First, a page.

It is difficult for people from different cultures to communicate due to the language difference. Even if a co-worker can understand your language, it won’t be easy to convey complex concepts and emotions if the person is not fluent. When the foreign language speaker becomes stressed, the tendency is to think and speak in their native tongue. At other times, one person may have a different interpretation of the things they want to convey due to their cultural background.
Hostile and inaccurate stereotypes
Sometimes, people from other cultures have stereotypical assumptions. For example, some cultures think Americans are tolerant and friendly, while others believe that Americans are arrogant and impatient. It is very risky to have this kind of assumption because it can cause you to pre-judge people.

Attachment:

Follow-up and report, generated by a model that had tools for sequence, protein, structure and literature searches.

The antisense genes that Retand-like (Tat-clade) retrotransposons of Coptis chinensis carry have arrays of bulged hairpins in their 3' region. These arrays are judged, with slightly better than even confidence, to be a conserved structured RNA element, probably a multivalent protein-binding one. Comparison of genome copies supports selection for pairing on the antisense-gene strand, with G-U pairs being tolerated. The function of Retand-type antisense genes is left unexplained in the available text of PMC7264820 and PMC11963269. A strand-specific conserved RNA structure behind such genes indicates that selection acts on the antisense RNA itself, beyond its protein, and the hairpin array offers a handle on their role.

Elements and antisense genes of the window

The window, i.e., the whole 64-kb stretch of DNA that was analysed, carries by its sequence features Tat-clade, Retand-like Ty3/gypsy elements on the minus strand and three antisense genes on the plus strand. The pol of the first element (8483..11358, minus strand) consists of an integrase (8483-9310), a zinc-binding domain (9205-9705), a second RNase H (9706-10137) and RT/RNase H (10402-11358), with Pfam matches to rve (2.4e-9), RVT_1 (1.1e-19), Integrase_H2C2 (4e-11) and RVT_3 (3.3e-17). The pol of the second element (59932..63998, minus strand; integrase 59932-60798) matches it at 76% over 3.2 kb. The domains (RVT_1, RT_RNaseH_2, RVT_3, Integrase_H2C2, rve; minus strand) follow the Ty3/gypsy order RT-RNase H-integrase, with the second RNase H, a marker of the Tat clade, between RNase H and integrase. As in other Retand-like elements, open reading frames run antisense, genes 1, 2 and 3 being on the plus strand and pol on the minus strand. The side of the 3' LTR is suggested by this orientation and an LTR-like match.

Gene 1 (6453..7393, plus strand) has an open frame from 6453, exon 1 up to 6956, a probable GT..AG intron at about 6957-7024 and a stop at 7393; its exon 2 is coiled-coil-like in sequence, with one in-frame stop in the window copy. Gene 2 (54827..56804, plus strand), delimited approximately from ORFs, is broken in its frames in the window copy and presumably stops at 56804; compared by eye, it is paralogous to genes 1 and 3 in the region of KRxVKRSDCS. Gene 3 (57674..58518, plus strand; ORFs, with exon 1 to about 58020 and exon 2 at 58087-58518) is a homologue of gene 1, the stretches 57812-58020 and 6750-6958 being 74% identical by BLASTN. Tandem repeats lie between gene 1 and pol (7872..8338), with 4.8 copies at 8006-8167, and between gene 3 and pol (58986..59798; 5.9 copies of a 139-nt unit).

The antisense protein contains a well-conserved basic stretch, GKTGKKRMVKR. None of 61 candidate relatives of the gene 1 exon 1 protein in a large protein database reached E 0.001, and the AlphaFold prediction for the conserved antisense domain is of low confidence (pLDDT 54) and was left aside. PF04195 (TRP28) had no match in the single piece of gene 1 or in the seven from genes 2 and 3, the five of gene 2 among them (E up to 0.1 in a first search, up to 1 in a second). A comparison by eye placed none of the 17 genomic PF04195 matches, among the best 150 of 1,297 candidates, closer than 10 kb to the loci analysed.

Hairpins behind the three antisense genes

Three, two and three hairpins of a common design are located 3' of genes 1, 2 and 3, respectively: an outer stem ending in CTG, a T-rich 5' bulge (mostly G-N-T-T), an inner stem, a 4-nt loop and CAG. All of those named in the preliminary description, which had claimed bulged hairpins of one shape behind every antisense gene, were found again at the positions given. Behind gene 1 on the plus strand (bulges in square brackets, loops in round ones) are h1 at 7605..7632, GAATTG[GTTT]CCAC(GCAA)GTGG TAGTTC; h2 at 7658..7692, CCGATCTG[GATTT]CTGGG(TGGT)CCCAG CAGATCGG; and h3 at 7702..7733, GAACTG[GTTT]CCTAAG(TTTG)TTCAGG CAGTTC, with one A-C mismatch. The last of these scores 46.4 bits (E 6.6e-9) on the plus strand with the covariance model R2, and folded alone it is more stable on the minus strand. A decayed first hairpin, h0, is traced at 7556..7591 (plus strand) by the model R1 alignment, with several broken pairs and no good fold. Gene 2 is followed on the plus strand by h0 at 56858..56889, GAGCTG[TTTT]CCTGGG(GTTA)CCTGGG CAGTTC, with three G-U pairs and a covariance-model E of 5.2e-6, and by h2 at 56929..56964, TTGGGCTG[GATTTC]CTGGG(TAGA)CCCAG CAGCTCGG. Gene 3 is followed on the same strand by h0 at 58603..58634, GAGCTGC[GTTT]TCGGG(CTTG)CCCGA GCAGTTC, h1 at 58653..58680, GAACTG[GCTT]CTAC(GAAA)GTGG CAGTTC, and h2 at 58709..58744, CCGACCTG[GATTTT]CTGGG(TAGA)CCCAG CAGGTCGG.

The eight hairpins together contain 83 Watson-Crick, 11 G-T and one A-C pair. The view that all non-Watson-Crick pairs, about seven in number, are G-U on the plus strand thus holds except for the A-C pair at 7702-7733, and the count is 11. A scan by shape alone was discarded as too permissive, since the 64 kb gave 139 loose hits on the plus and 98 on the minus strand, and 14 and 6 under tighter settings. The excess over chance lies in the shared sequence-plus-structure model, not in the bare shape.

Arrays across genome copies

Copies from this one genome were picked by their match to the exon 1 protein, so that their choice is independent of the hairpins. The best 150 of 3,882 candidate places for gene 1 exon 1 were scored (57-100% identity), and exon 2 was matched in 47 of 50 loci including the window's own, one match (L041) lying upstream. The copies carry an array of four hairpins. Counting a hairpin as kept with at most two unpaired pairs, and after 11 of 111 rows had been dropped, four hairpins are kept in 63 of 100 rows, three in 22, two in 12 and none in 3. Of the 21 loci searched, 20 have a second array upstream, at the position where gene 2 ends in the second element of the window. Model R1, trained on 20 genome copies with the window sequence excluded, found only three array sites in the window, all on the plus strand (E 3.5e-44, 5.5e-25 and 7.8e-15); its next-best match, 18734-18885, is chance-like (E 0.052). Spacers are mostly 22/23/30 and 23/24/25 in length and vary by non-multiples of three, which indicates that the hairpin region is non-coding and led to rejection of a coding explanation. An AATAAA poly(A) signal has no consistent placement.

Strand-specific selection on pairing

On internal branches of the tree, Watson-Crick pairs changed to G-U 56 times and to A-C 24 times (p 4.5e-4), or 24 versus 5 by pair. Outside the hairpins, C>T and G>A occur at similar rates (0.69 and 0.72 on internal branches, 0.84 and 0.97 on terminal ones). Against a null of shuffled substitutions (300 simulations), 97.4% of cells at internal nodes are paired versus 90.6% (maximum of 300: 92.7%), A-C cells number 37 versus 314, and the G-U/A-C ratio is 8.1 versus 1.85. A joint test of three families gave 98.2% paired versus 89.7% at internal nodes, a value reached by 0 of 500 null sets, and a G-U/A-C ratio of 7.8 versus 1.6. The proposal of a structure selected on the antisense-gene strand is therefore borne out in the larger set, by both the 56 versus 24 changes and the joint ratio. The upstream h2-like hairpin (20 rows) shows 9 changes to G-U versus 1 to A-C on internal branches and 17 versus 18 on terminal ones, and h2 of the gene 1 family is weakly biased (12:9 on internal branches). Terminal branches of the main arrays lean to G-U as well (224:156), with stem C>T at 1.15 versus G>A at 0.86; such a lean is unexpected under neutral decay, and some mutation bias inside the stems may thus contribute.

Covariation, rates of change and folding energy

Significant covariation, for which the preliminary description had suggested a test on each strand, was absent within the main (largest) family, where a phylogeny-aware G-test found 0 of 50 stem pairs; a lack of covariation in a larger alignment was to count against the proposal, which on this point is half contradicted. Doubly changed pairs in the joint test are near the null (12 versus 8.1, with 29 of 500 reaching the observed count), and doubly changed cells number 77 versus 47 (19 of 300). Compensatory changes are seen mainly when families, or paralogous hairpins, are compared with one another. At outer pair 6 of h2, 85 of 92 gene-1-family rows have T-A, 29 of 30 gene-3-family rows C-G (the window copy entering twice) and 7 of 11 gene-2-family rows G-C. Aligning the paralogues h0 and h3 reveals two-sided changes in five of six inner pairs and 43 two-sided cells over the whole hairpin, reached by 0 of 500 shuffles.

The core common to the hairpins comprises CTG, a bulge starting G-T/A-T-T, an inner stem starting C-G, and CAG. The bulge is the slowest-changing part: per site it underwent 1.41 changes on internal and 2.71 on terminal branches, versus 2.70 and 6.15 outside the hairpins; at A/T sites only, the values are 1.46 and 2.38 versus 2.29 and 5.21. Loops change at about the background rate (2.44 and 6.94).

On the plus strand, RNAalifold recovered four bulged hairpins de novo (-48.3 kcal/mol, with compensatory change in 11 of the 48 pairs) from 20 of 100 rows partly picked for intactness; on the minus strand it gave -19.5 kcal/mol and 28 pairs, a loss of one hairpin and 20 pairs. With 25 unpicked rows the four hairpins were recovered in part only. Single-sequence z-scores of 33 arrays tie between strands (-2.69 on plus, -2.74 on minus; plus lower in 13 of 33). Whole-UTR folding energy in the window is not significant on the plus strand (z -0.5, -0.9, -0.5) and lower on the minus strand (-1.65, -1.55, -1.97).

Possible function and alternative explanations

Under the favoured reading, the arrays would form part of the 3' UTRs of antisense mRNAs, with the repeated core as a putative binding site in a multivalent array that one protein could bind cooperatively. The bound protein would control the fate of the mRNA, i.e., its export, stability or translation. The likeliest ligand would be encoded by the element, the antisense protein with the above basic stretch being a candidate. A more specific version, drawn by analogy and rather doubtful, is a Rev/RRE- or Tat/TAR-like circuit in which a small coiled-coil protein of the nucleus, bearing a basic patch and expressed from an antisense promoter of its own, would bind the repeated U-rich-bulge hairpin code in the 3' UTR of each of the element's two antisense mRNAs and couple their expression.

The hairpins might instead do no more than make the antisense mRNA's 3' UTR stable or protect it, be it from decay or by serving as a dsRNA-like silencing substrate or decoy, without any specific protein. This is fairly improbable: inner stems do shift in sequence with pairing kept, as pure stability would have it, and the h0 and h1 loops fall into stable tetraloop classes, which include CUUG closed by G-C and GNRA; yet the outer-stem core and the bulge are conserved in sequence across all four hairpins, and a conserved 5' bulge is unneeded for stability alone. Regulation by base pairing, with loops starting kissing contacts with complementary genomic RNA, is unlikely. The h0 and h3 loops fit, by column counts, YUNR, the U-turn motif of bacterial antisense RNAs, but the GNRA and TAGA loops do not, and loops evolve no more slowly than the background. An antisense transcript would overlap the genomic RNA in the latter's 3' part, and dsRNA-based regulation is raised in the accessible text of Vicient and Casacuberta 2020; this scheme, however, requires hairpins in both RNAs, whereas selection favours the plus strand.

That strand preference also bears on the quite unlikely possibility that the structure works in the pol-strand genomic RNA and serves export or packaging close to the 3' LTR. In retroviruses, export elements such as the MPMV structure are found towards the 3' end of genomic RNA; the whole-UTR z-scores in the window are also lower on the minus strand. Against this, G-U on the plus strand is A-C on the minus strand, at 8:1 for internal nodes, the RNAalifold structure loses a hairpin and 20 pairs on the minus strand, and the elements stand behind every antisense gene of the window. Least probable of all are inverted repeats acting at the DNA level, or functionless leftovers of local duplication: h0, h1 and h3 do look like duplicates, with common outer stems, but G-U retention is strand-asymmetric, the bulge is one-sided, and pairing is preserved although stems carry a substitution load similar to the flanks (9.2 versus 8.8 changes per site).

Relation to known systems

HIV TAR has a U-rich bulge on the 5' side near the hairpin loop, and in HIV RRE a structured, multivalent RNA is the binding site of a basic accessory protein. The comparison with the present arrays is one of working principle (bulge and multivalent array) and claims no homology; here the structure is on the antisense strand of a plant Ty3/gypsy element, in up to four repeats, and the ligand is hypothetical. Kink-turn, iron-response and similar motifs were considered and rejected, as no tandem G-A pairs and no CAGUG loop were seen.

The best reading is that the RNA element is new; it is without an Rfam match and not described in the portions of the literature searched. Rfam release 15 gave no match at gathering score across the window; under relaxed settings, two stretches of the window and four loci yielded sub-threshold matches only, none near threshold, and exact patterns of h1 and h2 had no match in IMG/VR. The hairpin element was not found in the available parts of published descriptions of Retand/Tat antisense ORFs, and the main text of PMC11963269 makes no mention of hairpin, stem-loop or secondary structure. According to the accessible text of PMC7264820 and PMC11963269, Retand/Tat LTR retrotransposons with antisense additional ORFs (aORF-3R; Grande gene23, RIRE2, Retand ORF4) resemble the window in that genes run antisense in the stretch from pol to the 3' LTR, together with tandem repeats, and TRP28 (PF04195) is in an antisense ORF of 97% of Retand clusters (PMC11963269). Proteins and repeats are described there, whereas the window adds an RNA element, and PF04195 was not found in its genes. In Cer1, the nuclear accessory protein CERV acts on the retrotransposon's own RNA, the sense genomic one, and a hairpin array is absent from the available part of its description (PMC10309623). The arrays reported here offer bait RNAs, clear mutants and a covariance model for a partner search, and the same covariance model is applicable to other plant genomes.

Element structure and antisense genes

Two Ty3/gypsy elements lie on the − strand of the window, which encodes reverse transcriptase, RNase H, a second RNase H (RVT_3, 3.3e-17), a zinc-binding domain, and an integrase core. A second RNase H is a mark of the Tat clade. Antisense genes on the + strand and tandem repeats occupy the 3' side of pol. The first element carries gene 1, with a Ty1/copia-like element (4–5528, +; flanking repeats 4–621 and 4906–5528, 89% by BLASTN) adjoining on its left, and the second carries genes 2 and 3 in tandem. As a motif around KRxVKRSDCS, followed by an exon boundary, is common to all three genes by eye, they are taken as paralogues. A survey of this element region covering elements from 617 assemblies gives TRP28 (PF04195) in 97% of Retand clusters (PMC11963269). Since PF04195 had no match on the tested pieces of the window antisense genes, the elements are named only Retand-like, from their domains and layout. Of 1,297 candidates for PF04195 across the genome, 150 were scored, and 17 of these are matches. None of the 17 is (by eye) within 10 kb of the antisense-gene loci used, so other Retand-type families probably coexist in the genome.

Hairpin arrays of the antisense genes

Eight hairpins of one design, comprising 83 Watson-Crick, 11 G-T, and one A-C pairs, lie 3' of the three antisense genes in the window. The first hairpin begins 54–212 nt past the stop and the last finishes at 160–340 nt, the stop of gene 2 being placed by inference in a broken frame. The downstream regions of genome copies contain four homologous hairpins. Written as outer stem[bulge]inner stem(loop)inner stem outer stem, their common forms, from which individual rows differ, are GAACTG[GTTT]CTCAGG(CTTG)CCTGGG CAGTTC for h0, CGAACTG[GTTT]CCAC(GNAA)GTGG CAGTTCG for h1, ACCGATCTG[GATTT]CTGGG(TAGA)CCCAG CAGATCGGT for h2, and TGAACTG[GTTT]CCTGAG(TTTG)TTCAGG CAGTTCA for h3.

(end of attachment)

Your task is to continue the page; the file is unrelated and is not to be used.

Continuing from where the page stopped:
Misunderstandings can occur among multicultural employees because of their understanding of appropriate behavior, which stems from their parents’ teachings and their traditions, customs and beliefs.
In some cultures, looking at the eyes of the person you are talking to is a rude gesture. It will be considered disrespectful in other cultures if you do not look at the person talking to you in the eyes. Some people want to have a small talk before you turn down a business proposal. Others would rather get to the point, so they will know what to do next immediately.
Many people want to have some personal space while talking to people, whereas in other cultures, they prefer to stand close to the person they are talking with.
Displaying too little or too much emotion